Stories by local seniors: Left in the lurch

Published 12:00 am Tuesday, September 27, 2011

By Linda Beck
I did not know that the phrase, left in the lurch, originally meant “to leave (a person) playing at cribbage in the position called the lurch.” I’ve never known how to play cribbage, so I haven’t been left in that lurch.
But I think the phrase fits another interesting little episode that happened to me this week. The meaning of the word lurch refers to: “unsteady uneven gait, or to roll or pitch suddenly, or to stagger.”
Well, if I were to try walking even as little as two feet, I would certainly “stagger, roll and then pitch suddenly.” I no longer have an unsteady uneven gait, because I can barely stand at all.
Don’t take this the wrong way…I don’t want or need a pity party.  I’m just setting the stage for another dramatic event in the life of Linda.
My friend, Jennifer, brought some popcorn and came out to the house to watch a movie with me. My daughter had just recently set me up with Netflix so now I can see a different movie about every other day and I won’t have to go out in the heat or cold. Plus, it is a lot less expensive!
The only thing about having company over to watch a movie is that my power wheelchair is the only place to sit other than my recliner. Since I was in my recliner when Jen got there, she sat down in the power chair after she fixed the popcorn and brought the drinks to the TV room.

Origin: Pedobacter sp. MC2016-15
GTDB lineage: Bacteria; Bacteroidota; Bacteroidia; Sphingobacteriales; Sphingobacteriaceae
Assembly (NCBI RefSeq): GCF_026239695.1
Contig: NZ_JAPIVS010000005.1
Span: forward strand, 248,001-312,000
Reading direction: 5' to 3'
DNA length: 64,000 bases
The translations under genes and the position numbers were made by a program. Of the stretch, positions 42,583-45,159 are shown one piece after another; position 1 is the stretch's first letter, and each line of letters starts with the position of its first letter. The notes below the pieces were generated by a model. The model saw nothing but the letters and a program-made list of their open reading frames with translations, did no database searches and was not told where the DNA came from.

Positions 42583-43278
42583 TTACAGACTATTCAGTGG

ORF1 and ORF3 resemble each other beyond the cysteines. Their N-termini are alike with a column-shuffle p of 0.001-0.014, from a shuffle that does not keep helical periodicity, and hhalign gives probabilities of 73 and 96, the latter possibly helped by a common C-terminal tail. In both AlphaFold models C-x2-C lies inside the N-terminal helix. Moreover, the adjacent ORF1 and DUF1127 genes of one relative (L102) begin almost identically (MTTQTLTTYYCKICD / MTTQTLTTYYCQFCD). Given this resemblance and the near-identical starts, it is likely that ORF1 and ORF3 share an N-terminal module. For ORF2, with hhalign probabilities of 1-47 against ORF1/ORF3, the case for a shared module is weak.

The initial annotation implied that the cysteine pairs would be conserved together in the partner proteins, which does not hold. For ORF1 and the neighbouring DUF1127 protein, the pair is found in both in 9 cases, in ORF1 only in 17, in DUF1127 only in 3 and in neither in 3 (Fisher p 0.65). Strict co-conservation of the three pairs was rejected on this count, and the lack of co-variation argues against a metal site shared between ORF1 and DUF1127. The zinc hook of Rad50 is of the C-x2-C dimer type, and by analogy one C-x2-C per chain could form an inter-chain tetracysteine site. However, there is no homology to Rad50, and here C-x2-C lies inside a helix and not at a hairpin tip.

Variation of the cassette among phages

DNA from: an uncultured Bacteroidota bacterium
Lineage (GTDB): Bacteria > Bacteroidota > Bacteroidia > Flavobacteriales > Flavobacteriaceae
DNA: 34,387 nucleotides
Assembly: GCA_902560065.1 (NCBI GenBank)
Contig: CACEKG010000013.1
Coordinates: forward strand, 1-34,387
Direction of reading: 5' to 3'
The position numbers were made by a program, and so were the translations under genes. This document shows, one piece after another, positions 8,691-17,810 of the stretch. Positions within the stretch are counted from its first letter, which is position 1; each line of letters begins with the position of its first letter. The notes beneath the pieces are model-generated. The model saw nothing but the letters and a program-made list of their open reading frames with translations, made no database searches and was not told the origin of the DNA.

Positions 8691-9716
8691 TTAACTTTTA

As usual, we talked and ate so much we didn’t really get into watching the movie. At the end of our visit, she showed herself out as most of my company usually does.
I know she didn’t mean to leave me in the lurch, but she probably was not out of the development when I decided I needed to go to the bathroom. As I raised my recliner, I looked up and realized my power chair was on the other side of the small room!
I was absolutely powerless to do anything unless I wanted to fall, crawl, and wait for someone to pick me up. Several days earlier in the week I had to call 911, but at least this time, the phone was right by my side. I called several friends who lived nearby and caught up with Teresa.  She was in Concord but called her future husband to help me. He was nice enough to come right over and roll my “legs” back over to my lift chair.
I had left a message on Jen’s phone and when she called back, I laughed and thanked her for leaving me in the lurch. She offered to drive back out from town, but I told her my “hero” was coming in the door.
Jen and I have had some experiences like this together before and her first story published in the newspaper was about one of those. She had wanted me to write that story but I had insisted it was “her story” to write.
Sorry, Jen, this is mine, but thanks for joining me and bringing the snacks.
Next time we’ll switch seats!